Wa­ter af­fairs

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Har­vest rain­wa­ter and re­use house­hold wa­ter – then get your own wet­land go­ing

By har­vest­ing rain­wa­ter and reusing house­hold wa­ter, you can re­duce your wa­ter bill and be­come a stew­ard of this pre­cious re­source and not just a con­sumer. Bev­er­ley Bal­lard-Tre­meer ex­plains.

South Africa’s av­er­age an­nual rain­fall, 464mm, is about half the world av­er­age. Add this statis­tic to the wa­ter needs of our fast-grow­ing pop­u­la­tion, and potable wa­ter is bound to be­come an ex­pen­sive lux­ury in the fu­ture. Wa­ter is a pre­cious re­source, not to be used waste­fully and cer­tainly not to be thrown away. Yet we do ex­actly that if we don’t make the most of rain­wa­ter and grey wa­ter.

Sea­sonal rains can be a great ben­e­fit to plants. A rain­fall of 10mm will pro­duce about 500ℓ (or 0,5kl) from 100m2 of roof­ing, and a prop­erty of 4 000m2 will pro­duce 20kl! The av­er­age home­owner could col­lect tens of thou­sands of litres of rain­wa­ter each year if they set about har­vest­ing it. Imag­ine the sav­ing on your wa­ter bill!

Har­vest­ing rain­wa­ter works well in re­gions that have heavy rain­fall or pro­longed rainy pe­ri­ods, both of which re­sult in run-off. Along with wa­ter-wise gar­den­ing tech­niques, rain­wa­ter can pro­vide much of the wa­ter needed by your plot. If you have suf­fi­cient stor­age tanks, har­vest­ing wa­ter dur­ing peak rain­fall sea­sons en­sures wa­ter will be avail­able dur­ing drought or when wa­ter re­stric­tions are in ef­fect. Mak­ing use of rain­wa­ter also re­duces re­liance on un­der­ground wells, pumps and mu­nic­i­pal wa­ter sys­tems. More­over, rain­wa­ter is free and clean.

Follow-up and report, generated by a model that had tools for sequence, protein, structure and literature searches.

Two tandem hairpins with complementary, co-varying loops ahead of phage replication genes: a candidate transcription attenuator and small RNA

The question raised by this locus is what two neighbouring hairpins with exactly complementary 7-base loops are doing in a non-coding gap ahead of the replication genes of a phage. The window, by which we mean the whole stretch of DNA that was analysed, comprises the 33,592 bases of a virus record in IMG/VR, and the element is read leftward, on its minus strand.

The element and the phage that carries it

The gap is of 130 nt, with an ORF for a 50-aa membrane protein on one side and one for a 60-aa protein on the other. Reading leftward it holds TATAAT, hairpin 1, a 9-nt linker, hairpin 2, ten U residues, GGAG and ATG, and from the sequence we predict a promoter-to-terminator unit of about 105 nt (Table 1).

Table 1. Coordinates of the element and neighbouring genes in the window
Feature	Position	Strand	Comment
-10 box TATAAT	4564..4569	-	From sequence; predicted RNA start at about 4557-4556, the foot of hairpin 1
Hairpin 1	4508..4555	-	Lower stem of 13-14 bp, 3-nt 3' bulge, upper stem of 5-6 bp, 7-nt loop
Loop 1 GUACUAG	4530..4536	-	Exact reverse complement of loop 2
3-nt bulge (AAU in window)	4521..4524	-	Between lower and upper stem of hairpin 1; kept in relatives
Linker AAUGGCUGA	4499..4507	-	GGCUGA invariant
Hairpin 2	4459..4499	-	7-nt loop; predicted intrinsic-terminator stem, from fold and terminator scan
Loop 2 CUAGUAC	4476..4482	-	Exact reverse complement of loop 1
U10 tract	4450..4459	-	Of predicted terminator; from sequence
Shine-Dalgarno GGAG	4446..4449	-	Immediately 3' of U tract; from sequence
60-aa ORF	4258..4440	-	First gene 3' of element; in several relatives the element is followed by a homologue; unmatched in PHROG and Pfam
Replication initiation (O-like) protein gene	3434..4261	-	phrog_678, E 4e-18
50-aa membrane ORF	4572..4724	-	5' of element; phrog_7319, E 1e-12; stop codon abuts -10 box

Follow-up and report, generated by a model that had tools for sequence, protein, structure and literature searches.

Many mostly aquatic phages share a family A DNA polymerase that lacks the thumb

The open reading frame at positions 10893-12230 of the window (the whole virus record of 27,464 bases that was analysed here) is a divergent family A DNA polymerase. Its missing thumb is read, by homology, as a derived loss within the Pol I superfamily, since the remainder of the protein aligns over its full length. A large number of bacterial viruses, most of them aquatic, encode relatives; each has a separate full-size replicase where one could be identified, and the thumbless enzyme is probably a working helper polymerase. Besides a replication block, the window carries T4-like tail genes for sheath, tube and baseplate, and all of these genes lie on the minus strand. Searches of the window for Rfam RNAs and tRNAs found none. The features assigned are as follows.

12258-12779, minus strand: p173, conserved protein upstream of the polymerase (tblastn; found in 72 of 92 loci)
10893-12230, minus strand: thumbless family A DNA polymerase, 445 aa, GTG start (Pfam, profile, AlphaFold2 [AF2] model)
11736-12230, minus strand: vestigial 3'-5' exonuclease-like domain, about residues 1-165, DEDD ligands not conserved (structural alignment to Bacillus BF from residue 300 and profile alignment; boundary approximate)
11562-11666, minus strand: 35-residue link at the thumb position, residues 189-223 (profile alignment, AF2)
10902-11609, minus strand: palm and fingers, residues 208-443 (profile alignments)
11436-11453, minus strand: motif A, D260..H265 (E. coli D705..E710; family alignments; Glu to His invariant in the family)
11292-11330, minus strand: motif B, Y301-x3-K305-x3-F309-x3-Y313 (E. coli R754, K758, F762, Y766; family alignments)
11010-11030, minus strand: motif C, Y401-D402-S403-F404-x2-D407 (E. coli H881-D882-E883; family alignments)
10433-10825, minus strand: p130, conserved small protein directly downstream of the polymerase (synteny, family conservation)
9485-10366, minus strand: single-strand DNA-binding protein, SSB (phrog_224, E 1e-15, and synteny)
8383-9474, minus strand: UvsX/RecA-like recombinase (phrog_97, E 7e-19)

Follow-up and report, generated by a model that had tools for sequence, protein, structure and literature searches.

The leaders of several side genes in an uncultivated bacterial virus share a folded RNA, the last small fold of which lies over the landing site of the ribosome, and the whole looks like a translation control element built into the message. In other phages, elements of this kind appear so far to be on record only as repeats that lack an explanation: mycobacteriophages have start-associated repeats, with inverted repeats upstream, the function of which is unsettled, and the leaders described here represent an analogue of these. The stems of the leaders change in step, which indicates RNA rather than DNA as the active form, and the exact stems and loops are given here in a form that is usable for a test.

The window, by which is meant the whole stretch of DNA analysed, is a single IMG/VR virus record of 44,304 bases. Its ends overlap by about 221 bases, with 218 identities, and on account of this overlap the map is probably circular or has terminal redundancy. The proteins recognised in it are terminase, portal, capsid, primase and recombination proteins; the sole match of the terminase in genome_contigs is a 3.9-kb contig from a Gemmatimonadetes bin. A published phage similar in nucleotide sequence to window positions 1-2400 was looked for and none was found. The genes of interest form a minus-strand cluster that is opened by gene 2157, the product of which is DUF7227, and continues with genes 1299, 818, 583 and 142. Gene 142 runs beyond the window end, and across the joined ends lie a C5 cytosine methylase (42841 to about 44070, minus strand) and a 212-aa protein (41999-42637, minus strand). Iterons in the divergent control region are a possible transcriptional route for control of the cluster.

Farm­ers and small­hold­ers have long known how to cap­ture the rain that falls on their prop­er­ties, for ex­am­ple, by con­struct­ing dams and fur­rows, and in­stalling wa­ter tanks. How to con­serve wa­ter in the home and gar­den is now be­com­ing common knowl­edge for all home­own­ers, and new tech­nolo­gies are be­ing de­vel­oped all the time. Th­ese days, a wide range of durable wa­ter tanks that can be at­tached to gut­ters are avail­able to cap­ture rain­wa­ter run-off from the roof. Some prop­erty own­ers in the plat­te­land are fa­mil­iar with us­ing house­hold grey wa­ter for land­scap­ing, and now sev­eral golf es­tates, ho­tels and com­mer­cial prop­er­ties in South Africa are do­ing the same. Age-old tech­niques of pre­vent­ing rain­wa­ter run-off on slop­ing sites are also be­ing re-ex­am­ined. >

on the amount of run-off) and plant a bor­der, veg­etable gar­den or or­chard. The same can be done to cap­ture runoff from a neigh­bour­ing prop­erty. • Wet­land, pond or bog gar­den The low­est part of a slop­ing prop­erty is ideal for th­ese types of fea­tures. Use French drains with pip­ing, or berms and swales, to di­rect run-off here.

Har­vest rain­wa­ter from your roof

Col­lect­ing rain­wa­ter from the roof is the most ef­fi­cient means of har­vest­ing. To find out how many litres of wa­ter you can har­vest from your roof per year, us­ing the na­tional av­er­age an­nual rain­fall of 464mm as a base­line, mul­ti­ply the roof area (or the area of your house) in square me­tres by 515,5ℓ. Di­vide by 1 000 to get the num­ber of kilo­litres. Deduct this amount from your an­nual wa­ter bill to see how much you will save for the year. If your an­nual rain­fall is higher, the sav­ings will be greater, and vice versa.

Rather than let­ting this free wa­ter run off your prop­erty, use it by di­rect­ing the wa­ter to where you want it or by stor­ing it in wa­ter tanks for later use in the gar­den. Which of th­ese choices best suits you de­pends on your bud­get, your land­scape and whether there is a slight slope away from the down­pipes.

• Re­di­rect roof rain­wa­ter run-off